How To Install Docker in Debian 10/11/12


This guide will walk you through the steps to install the Docker engine on Debian(10 (oldstable), 11 (stable), and 12 (testing) from the official Docker APT repository.

Docker is a free and open-source platform that enables developers to build, deploy, and run applications inside containers. Containers are lightweight, portable, and self-contained environments that bundle an application and its dependencies, making it easy to ship the application from a developer’s laptop to a testing environment or a production server.

This guide will walk you through the steps to install the Docker engine on Debian(10 (oldstable), 11 (stable), and 12 (testing) from the official Docker APT repository.

Note: This guide also works for Raspbian versions(Raspbian Bookworm 12 (testing), Raspbian Bullseye 11 (stable), and Raspbian Buster 10 (oldstable)).

Uninstall old Docker Packages

If you have the old versions of Docker packages namely:, or docker-engine, and containerd or runc, issue the following command to uninstall them before proceeding to new versions:

$ sudo apt-get remove docker docker-engine containerd runc

In case you don’t have the above packages installed, the apt-get package manager might report that you have none of them installed.

After removing the old docker packages shown above, if you intend to start with a fresh installation, and wish to remove any previously installed data, you can delete all Docker directories and data as shown here.

Set Up Docker APT Repository

Start by running the following commands to update the apt package index and install the necessary packages to enable the apt package manager to access an HTTPS repository:

$ sudo apt-get -y update
$ sudo apt-get -y install ca-certificates curl gnupg lsb-release

Then run the following commands to add Docker’s official GPG key:

$ sudo install -m 0755 -d /etc/apt/keyrings
$ curl -fsSL | sudo gpg --dearmor -o /etc/apt/keyrings/docker.gpg
$ sudo chmod a+r /etc/apt/keyrings/docker.gpg

Next, issue this command to add and configure the repository:

$ echo "deb [arch="$(dpkg --print-architecture)" signed-by=/etc/apt/keyrings/docker.gpg]   "$(. /etc/os-release && echo "$VERSION_CODENAME")" stable" |  sudo tee /etc/apt/sources.list.d/docker.list > /dev/null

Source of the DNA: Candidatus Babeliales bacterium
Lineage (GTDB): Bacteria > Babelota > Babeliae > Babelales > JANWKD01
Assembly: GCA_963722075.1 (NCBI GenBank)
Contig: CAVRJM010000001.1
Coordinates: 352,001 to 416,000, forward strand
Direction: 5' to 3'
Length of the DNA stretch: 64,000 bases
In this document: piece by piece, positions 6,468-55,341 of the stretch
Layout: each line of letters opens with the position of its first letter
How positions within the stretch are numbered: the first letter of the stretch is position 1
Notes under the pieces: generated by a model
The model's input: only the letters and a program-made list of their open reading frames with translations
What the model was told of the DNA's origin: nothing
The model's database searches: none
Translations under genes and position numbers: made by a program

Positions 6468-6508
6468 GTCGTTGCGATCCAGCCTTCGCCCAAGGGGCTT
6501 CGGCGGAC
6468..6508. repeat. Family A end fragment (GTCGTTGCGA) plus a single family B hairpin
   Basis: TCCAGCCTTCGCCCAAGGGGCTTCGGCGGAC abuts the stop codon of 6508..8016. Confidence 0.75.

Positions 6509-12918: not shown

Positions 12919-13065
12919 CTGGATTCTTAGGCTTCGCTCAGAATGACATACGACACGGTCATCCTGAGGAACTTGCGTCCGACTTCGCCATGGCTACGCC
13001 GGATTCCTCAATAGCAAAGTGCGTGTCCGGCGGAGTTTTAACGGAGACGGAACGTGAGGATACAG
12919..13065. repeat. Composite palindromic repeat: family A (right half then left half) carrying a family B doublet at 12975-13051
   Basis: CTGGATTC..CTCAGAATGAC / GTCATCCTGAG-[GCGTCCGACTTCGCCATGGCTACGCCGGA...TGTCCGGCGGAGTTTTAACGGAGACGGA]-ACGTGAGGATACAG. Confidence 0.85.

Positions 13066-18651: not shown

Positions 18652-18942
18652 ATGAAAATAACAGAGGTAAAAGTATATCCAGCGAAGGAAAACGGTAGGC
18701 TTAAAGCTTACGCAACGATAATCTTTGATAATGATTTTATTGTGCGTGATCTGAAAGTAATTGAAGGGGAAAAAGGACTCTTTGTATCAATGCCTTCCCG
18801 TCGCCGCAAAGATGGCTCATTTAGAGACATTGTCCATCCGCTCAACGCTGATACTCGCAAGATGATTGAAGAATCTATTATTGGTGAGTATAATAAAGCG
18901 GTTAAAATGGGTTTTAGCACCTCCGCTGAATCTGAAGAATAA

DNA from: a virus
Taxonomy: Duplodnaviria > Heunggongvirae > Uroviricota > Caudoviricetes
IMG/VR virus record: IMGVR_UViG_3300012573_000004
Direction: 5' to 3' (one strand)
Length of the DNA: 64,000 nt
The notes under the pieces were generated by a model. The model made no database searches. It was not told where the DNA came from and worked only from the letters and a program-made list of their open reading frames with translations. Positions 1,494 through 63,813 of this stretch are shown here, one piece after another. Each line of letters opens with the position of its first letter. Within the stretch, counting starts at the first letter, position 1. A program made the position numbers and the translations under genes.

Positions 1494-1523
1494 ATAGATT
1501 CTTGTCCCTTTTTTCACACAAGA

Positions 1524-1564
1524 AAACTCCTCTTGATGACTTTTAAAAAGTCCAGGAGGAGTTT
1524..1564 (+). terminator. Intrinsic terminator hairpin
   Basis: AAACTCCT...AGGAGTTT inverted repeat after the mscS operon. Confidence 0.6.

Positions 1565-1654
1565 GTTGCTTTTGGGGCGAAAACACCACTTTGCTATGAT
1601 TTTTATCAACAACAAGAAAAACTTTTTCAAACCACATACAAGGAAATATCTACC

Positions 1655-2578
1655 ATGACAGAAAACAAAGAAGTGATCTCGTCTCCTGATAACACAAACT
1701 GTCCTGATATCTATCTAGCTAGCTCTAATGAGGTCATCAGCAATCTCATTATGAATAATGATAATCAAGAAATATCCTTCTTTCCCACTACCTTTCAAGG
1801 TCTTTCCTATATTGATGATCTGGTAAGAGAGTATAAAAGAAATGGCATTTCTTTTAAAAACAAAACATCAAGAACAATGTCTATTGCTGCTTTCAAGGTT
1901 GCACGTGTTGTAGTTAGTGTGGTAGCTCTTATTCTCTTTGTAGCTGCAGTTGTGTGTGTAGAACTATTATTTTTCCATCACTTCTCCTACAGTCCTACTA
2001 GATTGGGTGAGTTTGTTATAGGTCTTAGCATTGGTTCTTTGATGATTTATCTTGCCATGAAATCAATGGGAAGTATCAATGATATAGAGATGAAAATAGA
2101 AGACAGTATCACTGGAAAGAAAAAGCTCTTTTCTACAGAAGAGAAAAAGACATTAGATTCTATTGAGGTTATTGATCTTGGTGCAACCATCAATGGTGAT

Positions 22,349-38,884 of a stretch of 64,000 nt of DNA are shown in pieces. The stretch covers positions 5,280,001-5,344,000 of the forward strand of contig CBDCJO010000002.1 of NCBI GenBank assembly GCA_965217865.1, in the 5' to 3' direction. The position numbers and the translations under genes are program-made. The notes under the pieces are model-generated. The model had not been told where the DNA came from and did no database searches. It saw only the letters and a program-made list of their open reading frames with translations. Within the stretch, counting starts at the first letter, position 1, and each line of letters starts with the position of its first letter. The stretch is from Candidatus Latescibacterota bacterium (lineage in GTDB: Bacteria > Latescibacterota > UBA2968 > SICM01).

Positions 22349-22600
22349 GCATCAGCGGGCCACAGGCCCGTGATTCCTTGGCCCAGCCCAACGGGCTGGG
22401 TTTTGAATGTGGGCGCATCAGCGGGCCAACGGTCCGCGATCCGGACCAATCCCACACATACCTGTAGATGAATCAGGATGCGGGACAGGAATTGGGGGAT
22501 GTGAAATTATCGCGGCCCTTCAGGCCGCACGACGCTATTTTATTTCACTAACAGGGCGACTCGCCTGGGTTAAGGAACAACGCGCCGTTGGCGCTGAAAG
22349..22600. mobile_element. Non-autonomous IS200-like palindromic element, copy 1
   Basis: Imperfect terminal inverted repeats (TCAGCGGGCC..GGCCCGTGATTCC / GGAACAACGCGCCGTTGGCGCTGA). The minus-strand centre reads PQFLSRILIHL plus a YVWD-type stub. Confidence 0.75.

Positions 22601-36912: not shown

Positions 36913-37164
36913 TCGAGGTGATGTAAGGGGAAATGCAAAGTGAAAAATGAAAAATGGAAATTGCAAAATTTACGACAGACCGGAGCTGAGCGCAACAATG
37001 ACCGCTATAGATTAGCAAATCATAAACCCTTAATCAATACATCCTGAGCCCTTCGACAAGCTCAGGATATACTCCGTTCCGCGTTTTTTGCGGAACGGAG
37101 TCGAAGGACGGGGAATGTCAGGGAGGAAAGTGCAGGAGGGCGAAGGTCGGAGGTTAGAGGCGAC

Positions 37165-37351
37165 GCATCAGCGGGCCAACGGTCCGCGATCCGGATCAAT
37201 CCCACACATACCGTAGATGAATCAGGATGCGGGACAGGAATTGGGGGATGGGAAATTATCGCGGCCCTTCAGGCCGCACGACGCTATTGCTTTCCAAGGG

Install Docker Engine

Now run the next commands to update the apt package index again and install the Docker Engine, containerd, and Docker Compose:

$ sudo apt-get -y update
$ sudo apt-get -y install docker-ce docker-ce-cli docker-buildx-plugin docker-compose-plugin
Post-installation Steps for Docker Engine

With the help of these post-installation procedures, you can configure your Linux host computer so that Docker can operate more efficiently on it.

Manage Docker Without Sudo(as a non-root User)

The Docker daemon uses/listens on a Unix socket, instead of a TCP port. The Unix socket is typically owned by the root user, and other users can only access it through sudo. This requires that you always run Docker daemon with root user permissions.

Additionally, when the Docker daemon starts, the Unix socket it creates is accessible by the root user and members of the docker group. To avoid running the docker command with sudo, create a system group called docker and add users to it.

Note that if the docker group is already created at the time of installation of the docker package, ignore the error message:

$ sudo groupadd docker
$ sudo usermod -aG docker $USER

Log out and back in again to have your group membership re-evaluated. Alternatively, you can use the following command to initiate the group changes:

$ newgrp docker

Run the groups command to ensure that the current user is now a member of the docker group:

Verify Ddocker group membership for the current user
Verify Docker Engine Installation

To verify that the docker installation is correct and that you can run docker commands without sudo, run the following command which will download a test image and runs it in a container. When the container runs, it prints a message and exits as shown in the following screenshot:

$ docker run hello-world
Test Docker engine installation by running the hello-world image
Enable Docker to Start on Boot With Systemd

Run the following commands to have Docker and containerd start automatically on boot:

$ sudo systemctl enable docker.service
$ sudo systemctl enable containerd.service
Uninstall Docker Engine

To uninstall the Docker Engine, CLI, contained, plugins, as well as Docker Compose packages, run the following command:

$ sudo apt-get purge docker-ce docker-ce-cli  docker-compose-plugin docker-ce-rootless-extras docker-buildx-plugin
Delete Docker Files/Directories

Once you have uninstalled Docker, all images, containers, volumes, and custom configuration files on your host are not automatically deleted. To delete all them, use the following commands:

$ sudo rm -rf /var/lib/docker
$ sudo rm -rf /var/lib/containerd

Congratulations! You have successfully installed and configured Docker Engine on Debian Debian, from the official Docker APT repository. For any questions, use the feedback form below.

Spread the love

You may also like...

Leave a Reply

Your email address will not be published. Required fields are marked *